‘Maria by Callas’ Film Review: Opera Legend Maria Callas’ Life, Told in Her Own Words

Tom Volf’s documentary delivers what Callas fans want most: passionate arias and personal access

Maria by Callas
Sony Pictures Classics

There was once a more mysterious version of celebrity. The wall that separated a famous artist’s performance from that same artist’s private life was more difficult to scale. Popular singers didn’t routinely executive produce advertorials stuffed with behind-the-scenes footage of themselves: no rehearsal time laid bare, no banal shopping trips, no nervous visit to their personal ear, nose, and throat specialist (to date, Justin Bieber has made two such films). Fans didn’t have the immediate access provided by the internet; a star was more or less allowed to keep the public at arm’s length.

Filmmaker Tom Volf reaches into the past to change that in “Maria by Callas,” a lovingly assembled documentary about the life and career of American opera legend Maria Callas, whose voice is considered to be among the greatest of the 20th century. Here, the private Callas is made public.

Curated from live performance footage, television interviews, the singer’s own private letters and unpublished personal writing (some of which are read in voiceover by mezzo-soprano Joyce DiDonato), as well as photos and memorabilia lent by friends and other archival sources, what emerges is more respectful portrait than painstaking biography, but one that will satisfy fans and undoubtedly draw in newcomers to the legacy of opera’s most notoriously expressive performer.

The biographical details are included, to be sure: Callas describes her New York childhood with a demanding mother, and her entrance to a Greek conservatory at 13, where she studied under, and subsequently developed a lifelong devotion to, Spanish soprano Elvira de Hidalgo. Rather than explain her adult career, however, we get to see and hear Callas perform arias from works such as Verdi’s “La Traviata” and Bellini’s “Norma,” start-to-finish, thrillingly, uninterrupted.

The controversies each take their bow for the purposes of mild correction. Her creative battles with the Metropolitan Opera’s Rudolph Bing, bouts that led to her eventual firing (“Men don’t like the truth,” she says in one interview, and if it wasn’t referring to Bing specifically, it might just as well have been). Then there is the infamous 1958 cancellation of a gala performance in Milan of “Norma,” where she walked out after the first act, unable to continue due to bronchitis. These troubles are all defended in what was at one time private communication, a gentle rebuke to popular narratives of the “difficult” diva once known as “The Tigress.” (In one televised interview, she demurs when branded as “tempestuous.”)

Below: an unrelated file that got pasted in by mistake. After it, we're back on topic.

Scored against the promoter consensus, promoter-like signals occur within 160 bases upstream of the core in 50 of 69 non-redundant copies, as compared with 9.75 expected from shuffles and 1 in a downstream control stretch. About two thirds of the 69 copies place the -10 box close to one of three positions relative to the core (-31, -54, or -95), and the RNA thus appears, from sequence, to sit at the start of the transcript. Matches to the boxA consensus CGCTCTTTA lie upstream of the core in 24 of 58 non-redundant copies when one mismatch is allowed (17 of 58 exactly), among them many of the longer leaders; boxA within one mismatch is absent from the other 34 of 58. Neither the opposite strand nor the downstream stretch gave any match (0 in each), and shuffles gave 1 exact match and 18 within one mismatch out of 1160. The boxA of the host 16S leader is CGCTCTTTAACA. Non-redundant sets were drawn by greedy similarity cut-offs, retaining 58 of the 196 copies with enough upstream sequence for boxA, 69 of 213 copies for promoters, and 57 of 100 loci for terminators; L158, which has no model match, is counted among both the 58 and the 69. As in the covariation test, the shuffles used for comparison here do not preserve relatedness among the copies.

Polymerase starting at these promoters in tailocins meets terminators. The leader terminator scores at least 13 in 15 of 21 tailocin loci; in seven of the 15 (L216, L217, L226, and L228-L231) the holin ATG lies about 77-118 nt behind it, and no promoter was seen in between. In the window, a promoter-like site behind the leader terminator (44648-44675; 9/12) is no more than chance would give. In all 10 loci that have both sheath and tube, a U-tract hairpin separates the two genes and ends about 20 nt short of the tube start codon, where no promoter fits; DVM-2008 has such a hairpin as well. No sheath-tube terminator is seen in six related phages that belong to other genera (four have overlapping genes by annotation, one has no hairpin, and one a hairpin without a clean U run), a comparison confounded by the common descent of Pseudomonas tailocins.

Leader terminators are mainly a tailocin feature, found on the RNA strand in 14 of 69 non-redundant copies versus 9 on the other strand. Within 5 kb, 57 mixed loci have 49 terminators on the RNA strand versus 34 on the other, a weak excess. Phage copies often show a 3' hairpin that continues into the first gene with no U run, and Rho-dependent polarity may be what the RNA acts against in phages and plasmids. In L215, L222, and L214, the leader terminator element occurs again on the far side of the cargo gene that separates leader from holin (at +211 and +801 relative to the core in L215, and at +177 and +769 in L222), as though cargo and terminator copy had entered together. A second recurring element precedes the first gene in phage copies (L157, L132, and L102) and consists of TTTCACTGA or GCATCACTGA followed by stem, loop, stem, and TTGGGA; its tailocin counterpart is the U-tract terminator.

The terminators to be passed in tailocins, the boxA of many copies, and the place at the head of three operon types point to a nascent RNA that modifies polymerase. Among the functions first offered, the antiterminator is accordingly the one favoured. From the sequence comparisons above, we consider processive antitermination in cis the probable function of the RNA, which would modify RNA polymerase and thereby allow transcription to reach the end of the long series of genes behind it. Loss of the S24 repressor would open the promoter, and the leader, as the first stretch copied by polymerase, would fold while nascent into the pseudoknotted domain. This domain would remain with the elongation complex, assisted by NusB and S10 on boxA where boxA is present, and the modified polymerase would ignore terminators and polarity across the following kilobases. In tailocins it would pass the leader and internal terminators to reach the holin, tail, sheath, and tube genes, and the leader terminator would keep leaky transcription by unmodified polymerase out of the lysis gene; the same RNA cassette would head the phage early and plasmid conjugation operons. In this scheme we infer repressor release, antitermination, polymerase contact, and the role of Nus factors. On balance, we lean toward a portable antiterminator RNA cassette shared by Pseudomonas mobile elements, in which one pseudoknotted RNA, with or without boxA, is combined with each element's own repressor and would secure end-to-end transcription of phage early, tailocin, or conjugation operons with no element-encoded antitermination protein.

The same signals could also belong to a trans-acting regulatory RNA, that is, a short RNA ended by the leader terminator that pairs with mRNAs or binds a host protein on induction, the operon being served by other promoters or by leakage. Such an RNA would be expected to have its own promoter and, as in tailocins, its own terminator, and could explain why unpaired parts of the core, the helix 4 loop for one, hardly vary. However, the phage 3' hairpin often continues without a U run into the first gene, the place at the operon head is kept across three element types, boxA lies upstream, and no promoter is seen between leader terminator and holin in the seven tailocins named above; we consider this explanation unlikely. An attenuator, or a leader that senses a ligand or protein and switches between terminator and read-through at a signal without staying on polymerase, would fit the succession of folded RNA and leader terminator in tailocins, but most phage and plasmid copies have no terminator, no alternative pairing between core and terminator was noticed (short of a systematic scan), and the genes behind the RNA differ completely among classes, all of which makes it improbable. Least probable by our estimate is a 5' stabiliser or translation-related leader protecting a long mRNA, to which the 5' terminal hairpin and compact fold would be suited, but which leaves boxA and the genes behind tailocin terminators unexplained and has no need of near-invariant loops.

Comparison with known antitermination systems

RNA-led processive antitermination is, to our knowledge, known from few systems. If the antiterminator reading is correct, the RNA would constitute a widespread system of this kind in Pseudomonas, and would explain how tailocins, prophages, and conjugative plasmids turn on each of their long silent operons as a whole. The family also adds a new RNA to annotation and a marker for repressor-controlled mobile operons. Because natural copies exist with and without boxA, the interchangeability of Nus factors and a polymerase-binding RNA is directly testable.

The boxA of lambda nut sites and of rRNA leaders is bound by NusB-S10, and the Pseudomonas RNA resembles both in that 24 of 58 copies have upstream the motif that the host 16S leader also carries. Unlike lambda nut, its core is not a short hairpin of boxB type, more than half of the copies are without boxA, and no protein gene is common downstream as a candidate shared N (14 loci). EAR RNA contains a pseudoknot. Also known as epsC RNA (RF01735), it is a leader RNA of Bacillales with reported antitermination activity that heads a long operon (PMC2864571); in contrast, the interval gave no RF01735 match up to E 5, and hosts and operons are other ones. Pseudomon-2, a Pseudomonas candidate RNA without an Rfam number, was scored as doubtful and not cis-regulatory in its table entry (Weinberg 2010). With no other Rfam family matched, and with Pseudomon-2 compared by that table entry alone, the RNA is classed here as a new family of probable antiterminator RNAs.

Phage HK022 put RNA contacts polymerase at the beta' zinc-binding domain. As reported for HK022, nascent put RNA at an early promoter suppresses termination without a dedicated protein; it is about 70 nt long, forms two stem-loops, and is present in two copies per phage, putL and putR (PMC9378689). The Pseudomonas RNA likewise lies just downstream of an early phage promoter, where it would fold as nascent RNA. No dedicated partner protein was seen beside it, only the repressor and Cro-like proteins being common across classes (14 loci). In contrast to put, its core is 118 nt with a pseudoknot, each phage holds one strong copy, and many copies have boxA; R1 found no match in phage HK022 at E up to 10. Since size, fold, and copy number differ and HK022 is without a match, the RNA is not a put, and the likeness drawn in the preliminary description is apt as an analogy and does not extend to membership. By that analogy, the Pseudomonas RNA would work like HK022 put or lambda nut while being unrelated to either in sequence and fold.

Then there is her long affair with Aristotle Onassis, one that facilitated her divorce from husband Giovanni Meneghini, and which was interrupted by Onassis’ marriage to the widowed Jacqueline Kennedy. Callas and Onassis resumed the romance in the middle of that marriage; Callas publicly referred to their liaison as “friendship” and privately described it as a relationship that “made [her] feel liberated” as her vocal power declined, her stage career cooled, and her desires to live a more traditional life — or at least as traditional as a life can be on a billionaire’s yacht — took over.

At the time a source of screaming tabloid ire, here the relationship takes on a wistful quality, Callas’ plea for comfort and joy that fame’s spotlight denied her, a break from what she called “the Callas I have to live up to” and one that makes the included performance of “Vissi d’arte, Vissi d’amore (I lived for art, I lived for love)” from “Tosca” all the more poignant and heartbreaking.

If there is a glaring omission in “Maria by Callas,” it would have to be that of Callas’s uncompromising work ethic, the years of arduous process it took to become that name she had to live up to. It’s also probably an understandable void, a private element of her vocation that never went before cameras. In its stead, Volf peppers glorious recital footage with warm novelties like Callas talking about her recipe collection, footage of her being jostled by a baby elephant at a gala, of being whisked through airports in impeccable vintage outfits, of backstage costume preparations, and on-set footage from her role in the 1969 Pier Paolo Pasolini film “Medea.”

“Destiny is destiny, and there is no way out,” Callas matter-of-factly states in a TV interview, seemingly resigned to her fate as a special creation, explaining nothing more on the subject. And as a document of a special creation, “Maria by Callas” is very nearly enough, thanks in no small part to that generous helping of footage where she fulfills that very destiny. It’s a powerful reminder that private walls can stay put when she’s singing Bellini’s “Casta diva,” that the music is more than enough, that we can let the mystery be.